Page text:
24 Feb 2011

Observations on ActiveMQs temp storage.

In ActiveMQ there are 3 areas where messages are stored by the broker: in broker's memory, in persistence store and in temp storage.
All messages get first put into the broker's memory until it fills up. Persistent messages always get additionally saved to the persistence store (KahaDB by default). Non persistent messages are held in memory until broker memory is exhausted. Then, if the default FileCursor is used, they get swapped out to disk (swapping does not happen with VMCursor). The temp storage typically resides in directory data/localhost/tmp_storage.

All three areas are configured in activemq.xml using

<memoryUsage limit="20 mb"/>
<storeUsage limit="1 gb"/>
<tempUsage limit="100 mb"/>

An important advice is to never set the tempUsage limit below the journalFileSize for the temporary storage (32 MB by default but configurable)! So if you don't explicitly configure the journaleFileSize for temp messages in KahaDB, never set the tempUsage limit below 32 MB!

This configuration will most likely cause problems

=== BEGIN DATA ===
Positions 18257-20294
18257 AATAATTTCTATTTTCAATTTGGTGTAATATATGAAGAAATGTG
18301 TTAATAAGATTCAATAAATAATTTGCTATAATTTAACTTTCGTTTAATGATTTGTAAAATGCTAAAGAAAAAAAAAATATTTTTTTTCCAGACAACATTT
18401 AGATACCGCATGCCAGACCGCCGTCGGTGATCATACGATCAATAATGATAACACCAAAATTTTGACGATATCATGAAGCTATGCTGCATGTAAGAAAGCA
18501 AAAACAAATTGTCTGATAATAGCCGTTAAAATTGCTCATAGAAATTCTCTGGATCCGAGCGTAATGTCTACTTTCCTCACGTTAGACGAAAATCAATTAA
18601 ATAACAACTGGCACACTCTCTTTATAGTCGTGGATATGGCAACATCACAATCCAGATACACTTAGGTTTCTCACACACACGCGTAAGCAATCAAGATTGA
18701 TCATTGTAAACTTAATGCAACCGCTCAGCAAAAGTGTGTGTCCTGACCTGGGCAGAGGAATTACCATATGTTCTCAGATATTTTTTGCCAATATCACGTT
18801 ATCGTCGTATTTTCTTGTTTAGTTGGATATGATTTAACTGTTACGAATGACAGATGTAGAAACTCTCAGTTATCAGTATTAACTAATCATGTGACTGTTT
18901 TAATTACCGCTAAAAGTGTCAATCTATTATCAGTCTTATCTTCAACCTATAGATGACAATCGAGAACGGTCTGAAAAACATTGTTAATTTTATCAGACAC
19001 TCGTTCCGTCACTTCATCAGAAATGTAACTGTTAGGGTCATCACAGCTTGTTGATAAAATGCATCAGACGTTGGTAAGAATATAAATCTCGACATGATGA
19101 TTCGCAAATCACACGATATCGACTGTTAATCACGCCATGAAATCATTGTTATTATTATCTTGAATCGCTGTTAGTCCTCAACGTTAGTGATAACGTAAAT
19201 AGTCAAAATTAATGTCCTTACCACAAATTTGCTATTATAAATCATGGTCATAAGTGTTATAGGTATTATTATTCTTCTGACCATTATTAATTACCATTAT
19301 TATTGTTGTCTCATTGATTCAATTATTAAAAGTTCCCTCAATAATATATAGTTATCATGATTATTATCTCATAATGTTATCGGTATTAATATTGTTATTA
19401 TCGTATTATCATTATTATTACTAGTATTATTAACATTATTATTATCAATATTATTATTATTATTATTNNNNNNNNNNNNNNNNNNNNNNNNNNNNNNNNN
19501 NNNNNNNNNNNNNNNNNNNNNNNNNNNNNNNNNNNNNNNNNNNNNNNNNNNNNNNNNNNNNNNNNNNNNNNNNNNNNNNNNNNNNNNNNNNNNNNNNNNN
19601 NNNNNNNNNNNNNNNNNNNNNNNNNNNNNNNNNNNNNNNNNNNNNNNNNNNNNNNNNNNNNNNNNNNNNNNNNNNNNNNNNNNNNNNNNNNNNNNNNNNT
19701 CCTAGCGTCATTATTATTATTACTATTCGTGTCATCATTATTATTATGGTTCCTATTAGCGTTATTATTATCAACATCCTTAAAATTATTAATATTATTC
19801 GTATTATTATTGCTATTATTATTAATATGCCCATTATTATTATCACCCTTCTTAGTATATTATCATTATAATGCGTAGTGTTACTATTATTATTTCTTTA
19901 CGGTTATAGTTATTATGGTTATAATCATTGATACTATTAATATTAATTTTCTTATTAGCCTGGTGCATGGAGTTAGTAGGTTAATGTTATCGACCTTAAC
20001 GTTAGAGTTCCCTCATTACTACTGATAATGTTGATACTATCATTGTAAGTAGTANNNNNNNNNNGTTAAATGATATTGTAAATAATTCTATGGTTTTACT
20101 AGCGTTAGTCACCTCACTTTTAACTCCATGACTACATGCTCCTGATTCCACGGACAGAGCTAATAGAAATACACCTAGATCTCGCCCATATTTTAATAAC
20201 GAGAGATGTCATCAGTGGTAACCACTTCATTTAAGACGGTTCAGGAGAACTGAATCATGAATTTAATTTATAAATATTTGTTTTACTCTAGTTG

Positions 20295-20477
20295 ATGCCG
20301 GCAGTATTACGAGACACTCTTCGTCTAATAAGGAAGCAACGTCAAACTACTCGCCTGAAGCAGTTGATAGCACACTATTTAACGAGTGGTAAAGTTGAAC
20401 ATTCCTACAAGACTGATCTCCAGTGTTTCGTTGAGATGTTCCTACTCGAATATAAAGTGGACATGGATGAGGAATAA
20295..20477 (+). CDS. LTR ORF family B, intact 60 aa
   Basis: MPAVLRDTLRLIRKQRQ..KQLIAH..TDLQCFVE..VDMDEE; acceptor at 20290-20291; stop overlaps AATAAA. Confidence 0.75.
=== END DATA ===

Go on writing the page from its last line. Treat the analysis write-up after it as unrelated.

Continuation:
<tempUsage limit="30 mb"/>

Here is the reason why:

The temp storage is only used with non-persistent messages, so typically with topic messages.
In the case of running fast subscribers that keep up with the producers, you will most likely never need to swap messages as all outstanding messages can all be held in memory.
There may be peak times however where the producer rate is higher than the rate for consuming messages. So swapping of messages might occur.

When a subscription realizes that there is no further heap memory to take on new messages (due to whatever configured memory limit), it will start to swap out all messages it holds to temp storage. All messages of a particular subscription get swapped in one go! That process is rather slow and for a larger amount of messages to be swapped might easily take a few mins.